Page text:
New Notifications Inbox in Google Apps Admin Control Panel

Insights on how Google+ is working to amplify auto brands' existing marketing campaigns. New Google Apps Notifications Inbox replaces Alerts & Notifications box. Court rules Google can monetize your name.

Google Apps, Google Apps for Business, Government and Education gets the new "Notifications Inbox" in the admin control panel--that replaces the old Alerts & Notifications box in the admin control panel.

This new Notifications Inbox can be accessed by clicking on the bell icon on the top right. Admins now have the ability to see the number of available notifications. They can also dismiss notifications that aren't important.

In other Google news, today, the company has published an infographic showing off how the automotive brands are making big with adopting Google+.

"Our research has shown that the path to buying a car is becoming more and more social, with consumers relying on information and advice from their social connections and brands to inform their purchase. For example, we found that brands can experience a 91% increase in conversion rate for non-brand terms when running social annotations on search ads," Google wrote.

Brands are using G+ communities in unique ways to launching new car models via Hangouts. Check out the infographic below (click to enlarge):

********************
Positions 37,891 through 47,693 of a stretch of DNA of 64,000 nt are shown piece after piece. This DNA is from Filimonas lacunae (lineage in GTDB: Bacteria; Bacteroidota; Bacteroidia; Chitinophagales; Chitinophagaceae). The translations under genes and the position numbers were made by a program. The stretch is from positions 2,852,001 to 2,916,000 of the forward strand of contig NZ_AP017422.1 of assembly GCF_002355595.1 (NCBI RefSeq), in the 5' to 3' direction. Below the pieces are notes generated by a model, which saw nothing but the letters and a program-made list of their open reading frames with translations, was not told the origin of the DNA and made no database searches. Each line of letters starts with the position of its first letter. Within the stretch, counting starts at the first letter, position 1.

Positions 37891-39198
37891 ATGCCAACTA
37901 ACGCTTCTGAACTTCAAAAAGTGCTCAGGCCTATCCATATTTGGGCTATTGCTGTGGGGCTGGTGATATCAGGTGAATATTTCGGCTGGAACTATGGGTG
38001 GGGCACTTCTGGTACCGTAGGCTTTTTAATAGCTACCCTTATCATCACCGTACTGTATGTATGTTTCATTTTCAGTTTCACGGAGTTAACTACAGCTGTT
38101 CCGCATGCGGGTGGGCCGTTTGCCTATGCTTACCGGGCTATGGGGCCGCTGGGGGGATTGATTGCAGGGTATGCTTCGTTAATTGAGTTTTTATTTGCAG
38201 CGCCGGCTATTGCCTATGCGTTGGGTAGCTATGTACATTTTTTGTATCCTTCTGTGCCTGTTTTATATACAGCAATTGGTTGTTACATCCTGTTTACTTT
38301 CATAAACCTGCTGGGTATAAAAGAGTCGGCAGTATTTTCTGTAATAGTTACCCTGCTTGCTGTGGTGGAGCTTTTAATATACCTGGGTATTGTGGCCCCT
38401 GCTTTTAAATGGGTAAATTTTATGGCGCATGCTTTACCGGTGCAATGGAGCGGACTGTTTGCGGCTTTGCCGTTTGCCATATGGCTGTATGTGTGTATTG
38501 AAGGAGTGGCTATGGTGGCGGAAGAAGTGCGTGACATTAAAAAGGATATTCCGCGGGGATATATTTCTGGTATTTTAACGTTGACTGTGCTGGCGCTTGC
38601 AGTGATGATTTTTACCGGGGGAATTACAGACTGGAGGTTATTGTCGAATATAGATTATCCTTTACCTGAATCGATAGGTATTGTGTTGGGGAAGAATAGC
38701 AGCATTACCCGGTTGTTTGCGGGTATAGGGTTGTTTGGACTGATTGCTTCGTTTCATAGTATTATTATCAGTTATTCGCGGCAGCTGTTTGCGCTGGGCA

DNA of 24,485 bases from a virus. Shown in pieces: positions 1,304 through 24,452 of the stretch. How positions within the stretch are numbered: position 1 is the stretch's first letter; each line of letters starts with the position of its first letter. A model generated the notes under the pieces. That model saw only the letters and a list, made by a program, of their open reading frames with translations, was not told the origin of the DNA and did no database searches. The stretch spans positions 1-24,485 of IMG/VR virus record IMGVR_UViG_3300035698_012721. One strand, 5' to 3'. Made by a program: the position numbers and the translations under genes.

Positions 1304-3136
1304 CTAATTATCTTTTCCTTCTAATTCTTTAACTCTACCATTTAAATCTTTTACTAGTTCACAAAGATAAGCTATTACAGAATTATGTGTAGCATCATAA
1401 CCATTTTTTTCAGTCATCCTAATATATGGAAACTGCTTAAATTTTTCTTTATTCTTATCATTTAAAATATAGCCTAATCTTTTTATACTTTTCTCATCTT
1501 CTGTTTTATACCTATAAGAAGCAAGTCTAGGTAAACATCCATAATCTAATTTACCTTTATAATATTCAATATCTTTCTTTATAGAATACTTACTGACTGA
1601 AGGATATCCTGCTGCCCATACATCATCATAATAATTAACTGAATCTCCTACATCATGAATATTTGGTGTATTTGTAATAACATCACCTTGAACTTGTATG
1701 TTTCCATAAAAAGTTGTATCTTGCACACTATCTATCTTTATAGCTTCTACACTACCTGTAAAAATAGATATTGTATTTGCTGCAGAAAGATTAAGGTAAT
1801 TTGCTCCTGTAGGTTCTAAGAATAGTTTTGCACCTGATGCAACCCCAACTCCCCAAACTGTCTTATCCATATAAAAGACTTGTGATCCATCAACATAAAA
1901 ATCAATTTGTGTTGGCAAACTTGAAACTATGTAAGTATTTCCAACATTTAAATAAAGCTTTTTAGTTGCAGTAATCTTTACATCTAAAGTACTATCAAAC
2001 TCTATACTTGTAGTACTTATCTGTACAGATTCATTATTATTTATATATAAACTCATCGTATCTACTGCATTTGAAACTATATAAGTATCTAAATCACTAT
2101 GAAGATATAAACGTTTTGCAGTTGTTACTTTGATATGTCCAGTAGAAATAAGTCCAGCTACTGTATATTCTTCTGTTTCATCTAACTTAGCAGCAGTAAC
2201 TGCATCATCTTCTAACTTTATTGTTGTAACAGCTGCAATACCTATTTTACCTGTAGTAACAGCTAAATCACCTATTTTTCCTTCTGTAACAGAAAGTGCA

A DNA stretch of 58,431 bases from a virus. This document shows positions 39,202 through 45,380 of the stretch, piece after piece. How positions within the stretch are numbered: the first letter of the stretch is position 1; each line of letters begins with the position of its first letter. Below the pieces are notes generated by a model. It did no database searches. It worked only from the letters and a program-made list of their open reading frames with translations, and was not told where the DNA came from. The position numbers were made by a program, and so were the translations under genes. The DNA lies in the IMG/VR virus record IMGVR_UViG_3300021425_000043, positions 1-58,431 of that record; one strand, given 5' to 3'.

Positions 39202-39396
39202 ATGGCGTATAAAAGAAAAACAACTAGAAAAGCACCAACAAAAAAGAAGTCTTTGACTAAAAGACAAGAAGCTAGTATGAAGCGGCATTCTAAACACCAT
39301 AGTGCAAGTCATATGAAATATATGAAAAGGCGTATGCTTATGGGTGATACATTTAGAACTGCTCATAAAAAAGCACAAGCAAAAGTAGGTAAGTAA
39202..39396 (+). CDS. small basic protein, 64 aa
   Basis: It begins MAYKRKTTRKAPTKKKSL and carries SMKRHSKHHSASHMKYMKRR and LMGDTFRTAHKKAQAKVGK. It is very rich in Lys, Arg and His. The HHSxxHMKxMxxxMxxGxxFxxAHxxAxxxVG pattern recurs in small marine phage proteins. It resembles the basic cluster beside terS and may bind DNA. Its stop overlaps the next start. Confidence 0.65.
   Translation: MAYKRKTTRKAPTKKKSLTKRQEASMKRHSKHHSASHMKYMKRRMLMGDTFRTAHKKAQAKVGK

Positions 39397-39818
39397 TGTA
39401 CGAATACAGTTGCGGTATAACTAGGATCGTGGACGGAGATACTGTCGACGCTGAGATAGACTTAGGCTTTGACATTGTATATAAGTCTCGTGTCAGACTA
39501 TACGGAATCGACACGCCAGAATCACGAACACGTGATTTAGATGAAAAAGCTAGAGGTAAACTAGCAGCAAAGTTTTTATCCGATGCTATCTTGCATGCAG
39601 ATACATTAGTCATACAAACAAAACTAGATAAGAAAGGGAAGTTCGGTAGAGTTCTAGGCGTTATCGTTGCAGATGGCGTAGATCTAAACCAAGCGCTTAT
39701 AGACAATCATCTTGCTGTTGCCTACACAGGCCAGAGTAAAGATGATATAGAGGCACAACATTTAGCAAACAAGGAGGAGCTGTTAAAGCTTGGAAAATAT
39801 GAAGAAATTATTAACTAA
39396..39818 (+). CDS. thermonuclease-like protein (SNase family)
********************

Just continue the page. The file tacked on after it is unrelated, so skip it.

Infographic: Fueling discoverability and engagement for automotive brands with Google+

Update:Some other Google news:

Google at the SXSW conference in Austin, when asked via Twitter about how Google views Bing's Scroogled campaign, the search head responded "We focus on our users." And, "Others should focus on building good products, too."

Google is also looking to cracking down on bad merchants to drop their Google search ranking, during the "How to Rank Better in Google & Bing" session, Matt Cutts to concerns of one merchant about the bad competitors outranking him responded:

"We have a potential launch later this year, maybe a little bit sooner, looking at the quality of merchants and whether we can do a better job on that, because we don't want low quality experience merchants to be ranking in the search results."

Finally, Google has won a lawsuit filed in 2009 by Wisconsin woman, Beverly Stayart over Google Instant suggestions and various other search engines leading to a search results of her by placing it next to words like "Levitra," "Cialis," and various porn-related ads.

On Wednesday last, the U.S. Seventh Circuit Court of Appeals in Chicago tossed her yet another loss in her lawsuit against Google, upholding a decision made by a district court in 2011.

"Stayart has not articulated a set of facts that can plausibly lead to relief under Wisconsin's misappropriation laws," the court wrote (via).

In fact, the court cited her own previous case against Yahoo!, in which that court found that there had to be a "substantial rather than an incidental connection between the use and the defendant's commercial purpose."